It is the Church’s mission, says the Holy Father in Novo Millennio Ineunte, «to reflect the light of Christ in every historical period, to make his face shine also before the generations of the new millennium.»[4] And to bring this about, he adds, through each and every Christian, since «the men and women of our own day-often perhaps unconsciously-ask believers not only to ‘speak’ of Christ, but in a certain sense to ‘show’ him to them.»[5]

Our era hungers for Christ’s presence, although often unconsciously. The desire for a world in which peace reigns, the condemnation of violence and crime, the anxiety and bitterness reflected in so much of today’s literature, the wavering between generosity and escape seen in many young people, are some of the signs of that deep unrest. The men and women of our day, immersed in a constantly changing world, urgently need to contemplate Christ’s face. And to do so tangibly, through those who are at their side. Precisely for that reason, the universal call to holiness is an ever-timely message of hope for the world.

God has come to seek us right we are. He has taken on a body, a human nature, in the womb of the Virgin Mary, and accepted all the consequences of a life like our own, culminating in the supreme self-giving on the Cross. And he wants to continue doing so throughout history through Christians as well, whose lives should be a mirror in which others, their brothers and sisters, can find the face of our Lord.

Like the disciples from Emmaus, many people today are walking without a goal, Christians who let themselves be overcome by the apparent defeat of Christ. But Christ continues to come out to meet us. He comes to us through the action of the Holy Spirit who moves hearts. He comes to us through the sacraments and the preaching of the Church. And he wants to reach everyone, making use of our example, our joy and our hope. When we truly live our faith, we Christians show the world that God’s absence and Christ’s defeat are illusions. Christ has conquered. Sin and death no longer enjoy full power over man, although they have not completely disappeared and at times their action may seem to some to be universal. But the love of God the Father, the power of Christ, the grace of the Holy Spirit are, and always will be, the definitive driving force of history and the north star that inspires mankind’s true life.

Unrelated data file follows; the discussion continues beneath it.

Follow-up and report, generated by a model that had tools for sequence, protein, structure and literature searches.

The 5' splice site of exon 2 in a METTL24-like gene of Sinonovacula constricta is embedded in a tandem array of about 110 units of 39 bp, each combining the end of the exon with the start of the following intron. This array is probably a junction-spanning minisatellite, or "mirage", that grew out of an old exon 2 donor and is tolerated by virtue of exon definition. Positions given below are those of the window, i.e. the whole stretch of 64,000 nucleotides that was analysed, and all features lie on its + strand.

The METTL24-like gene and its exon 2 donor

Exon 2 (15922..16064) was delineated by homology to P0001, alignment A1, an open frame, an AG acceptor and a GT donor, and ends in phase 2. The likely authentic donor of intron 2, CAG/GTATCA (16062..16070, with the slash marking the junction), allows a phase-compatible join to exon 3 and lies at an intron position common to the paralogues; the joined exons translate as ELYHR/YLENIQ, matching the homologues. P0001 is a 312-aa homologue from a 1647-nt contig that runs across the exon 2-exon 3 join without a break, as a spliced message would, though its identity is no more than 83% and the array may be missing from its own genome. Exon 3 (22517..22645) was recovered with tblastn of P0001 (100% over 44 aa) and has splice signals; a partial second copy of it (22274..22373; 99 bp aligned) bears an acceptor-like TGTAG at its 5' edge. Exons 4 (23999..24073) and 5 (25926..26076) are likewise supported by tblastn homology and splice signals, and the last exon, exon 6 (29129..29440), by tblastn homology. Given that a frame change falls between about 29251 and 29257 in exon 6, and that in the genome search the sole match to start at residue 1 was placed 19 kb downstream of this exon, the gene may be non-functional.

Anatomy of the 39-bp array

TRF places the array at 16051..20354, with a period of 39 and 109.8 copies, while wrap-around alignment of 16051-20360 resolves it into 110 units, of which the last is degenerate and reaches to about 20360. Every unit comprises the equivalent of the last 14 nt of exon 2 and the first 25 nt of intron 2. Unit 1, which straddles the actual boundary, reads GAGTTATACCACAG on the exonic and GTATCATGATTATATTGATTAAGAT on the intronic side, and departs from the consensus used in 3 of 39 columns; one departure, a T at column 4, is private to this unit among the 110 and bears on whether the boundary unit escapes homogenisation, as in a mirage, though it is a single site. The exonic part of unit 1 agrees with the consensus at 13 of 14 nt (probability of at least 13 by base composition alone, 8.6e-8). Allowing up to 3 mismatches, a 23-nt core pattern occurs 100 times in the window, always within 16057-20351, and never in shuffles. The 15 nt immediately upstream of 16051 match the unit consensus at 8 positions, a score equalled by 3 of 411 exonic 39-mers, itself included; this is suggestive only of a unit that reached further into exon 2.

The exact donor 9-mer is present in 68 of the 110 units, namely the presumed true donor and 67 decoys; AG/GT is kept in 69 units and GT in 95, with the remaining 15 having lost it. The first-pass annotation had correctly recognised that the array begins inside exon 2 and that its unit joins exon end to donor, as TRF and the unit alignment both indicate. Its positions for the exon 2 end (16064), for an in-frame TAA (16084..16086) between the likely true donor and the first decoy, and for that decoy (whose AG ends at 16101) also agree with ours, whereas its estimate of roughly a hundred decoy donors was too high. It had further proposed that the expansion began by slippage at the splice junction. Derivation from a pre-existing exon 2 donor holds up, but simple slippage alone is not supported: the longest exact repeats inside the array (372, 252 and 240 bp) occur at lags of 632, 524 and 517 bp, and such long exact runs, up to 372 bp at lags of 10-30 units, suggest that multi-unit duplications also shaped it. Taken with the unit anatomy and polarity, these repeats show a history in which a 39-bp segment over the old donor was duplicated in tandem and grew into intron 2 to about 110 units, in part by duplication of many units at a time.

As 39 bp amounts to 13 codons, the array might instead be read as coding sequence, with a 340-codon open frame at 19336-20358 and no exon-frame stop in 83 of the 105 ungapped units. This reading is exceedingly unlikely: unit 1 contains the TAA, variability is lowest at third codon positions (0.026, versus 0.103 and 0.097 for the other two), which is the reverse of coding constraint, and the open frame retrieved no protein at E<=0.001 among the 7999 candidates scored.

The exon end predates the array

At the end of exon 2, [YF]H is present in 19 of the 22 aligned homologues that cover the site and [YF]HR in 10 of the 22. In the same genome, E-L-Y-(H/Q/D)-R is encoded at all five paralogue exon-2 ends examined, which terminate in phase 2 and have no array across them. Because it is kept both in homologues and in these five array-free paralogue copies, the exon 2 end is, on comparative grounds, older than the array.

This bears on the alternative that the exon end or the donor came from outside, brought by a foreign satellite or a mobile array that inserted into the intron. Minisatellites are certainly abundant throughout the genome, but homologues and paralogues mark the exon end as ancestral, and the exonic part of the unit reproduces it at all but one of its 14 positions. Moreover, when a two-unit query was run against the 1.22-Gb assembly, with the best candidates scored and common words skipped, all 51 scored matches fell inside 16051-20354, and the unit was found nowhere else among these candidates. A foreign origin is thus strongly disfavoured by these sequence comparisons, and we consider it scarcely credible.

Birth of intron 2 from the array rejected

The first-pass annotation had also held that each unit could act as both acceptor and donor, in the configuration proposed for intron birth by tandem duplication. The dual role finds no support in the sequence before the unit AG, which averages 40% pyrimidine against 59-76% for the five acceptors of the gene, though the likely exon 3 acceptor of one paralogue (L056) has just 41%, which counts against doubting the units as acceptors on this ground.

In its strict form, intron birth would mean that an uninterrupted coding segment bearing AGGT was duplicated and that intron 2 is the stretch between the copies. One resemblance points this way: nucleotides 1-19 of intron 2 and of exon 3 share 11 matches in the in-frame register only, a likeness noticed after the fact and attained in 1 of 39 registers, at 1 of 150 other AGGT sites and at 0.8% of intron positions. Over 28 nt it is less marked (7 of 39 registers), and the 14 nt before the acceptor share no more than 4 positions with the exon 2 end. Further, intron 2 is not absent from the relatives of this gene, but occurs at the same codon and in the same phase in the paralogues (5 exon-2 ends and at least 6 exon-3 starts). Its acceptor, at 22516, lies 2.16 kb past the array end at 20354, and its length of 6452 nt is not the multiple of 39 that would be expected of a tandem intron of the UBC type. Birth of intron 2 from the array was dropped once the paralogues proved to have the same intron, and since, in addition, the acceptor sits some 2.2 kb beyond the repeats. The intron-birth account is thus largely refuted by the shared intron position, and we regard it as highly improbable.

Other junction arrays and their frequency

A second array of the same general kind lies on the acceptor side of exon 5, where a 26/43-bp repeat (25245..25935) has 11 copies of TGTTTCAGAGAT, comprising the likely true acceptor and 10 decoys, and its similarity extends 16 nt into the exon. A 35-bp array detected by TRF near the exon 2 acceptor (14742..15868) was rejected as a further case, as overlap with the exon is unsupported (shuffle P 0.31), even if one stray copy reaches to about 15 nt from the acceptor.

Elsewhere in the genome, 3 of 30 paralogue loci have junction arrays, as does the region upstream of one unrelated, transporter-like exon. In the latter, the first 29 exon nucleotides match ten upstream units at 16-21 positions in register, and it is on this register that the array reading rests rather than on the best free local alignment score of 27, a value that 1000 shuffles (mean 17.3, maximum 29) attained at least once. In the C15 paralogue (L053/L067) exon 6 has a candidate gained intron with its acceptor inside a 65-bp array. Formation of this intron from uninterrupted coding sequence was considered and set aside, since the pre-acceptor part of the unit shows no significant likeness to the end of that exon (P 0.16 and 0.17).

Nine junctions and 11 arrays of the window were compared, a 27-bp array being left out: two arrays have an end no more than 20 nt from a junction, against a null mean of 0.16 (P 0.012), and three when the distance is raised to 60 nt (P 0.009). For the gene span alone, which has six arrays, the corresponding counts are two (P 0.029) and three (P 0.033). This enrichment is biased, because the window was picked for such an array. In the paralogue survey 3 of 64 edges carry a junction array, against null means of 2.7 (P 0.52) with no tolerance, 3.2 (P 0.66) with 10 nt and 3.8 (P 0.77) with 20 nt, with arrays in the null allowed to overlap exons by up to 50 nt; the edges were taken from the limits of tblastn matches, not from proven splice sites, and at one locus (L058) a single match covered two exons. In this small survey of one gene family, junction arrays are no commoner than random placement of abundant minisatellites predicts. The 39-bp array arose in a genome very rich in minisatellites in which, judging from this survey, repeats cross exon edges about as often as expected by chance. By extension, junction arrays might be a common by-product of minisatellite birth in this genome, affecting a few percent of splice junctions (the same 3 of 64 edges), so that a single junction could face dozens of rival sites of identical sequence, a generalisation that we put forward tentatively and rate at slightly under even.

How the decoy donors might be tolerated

This profound conviction, this faith, is what distinguishes the Christian, who knows how to base his joy even on pain, his optimism on affliction. The message of the universal call to holiness impels us to undertake a re-evangelization that should embrace everyone. It is striking that the Holy Father has placed holiness «as the foundation of the pastoral planning in which we are involved at the start of the new millennium.»[6] And he emphasized that «to place pastoral planning under the heading of holiness is a choice filled with consequences. It implies the conviction that, since Baptism is a true entry into the holiness of God through incorporation into Christ and the indwelling of his Spirit, it would be a contradiction to settle for a life of mediocrity, marked by a minimalist ethic and a shallow religiosity. To ask catechumens: ‘Do you wish to receive Baptism?’ means at the same time to ask them: ‘Do you wish to become holy?’ It means to set before them the radical nature of the Sermon on the Mount: ‘Be perfect as your heavenly Father is perfect’ (Mt 5:48).»[7]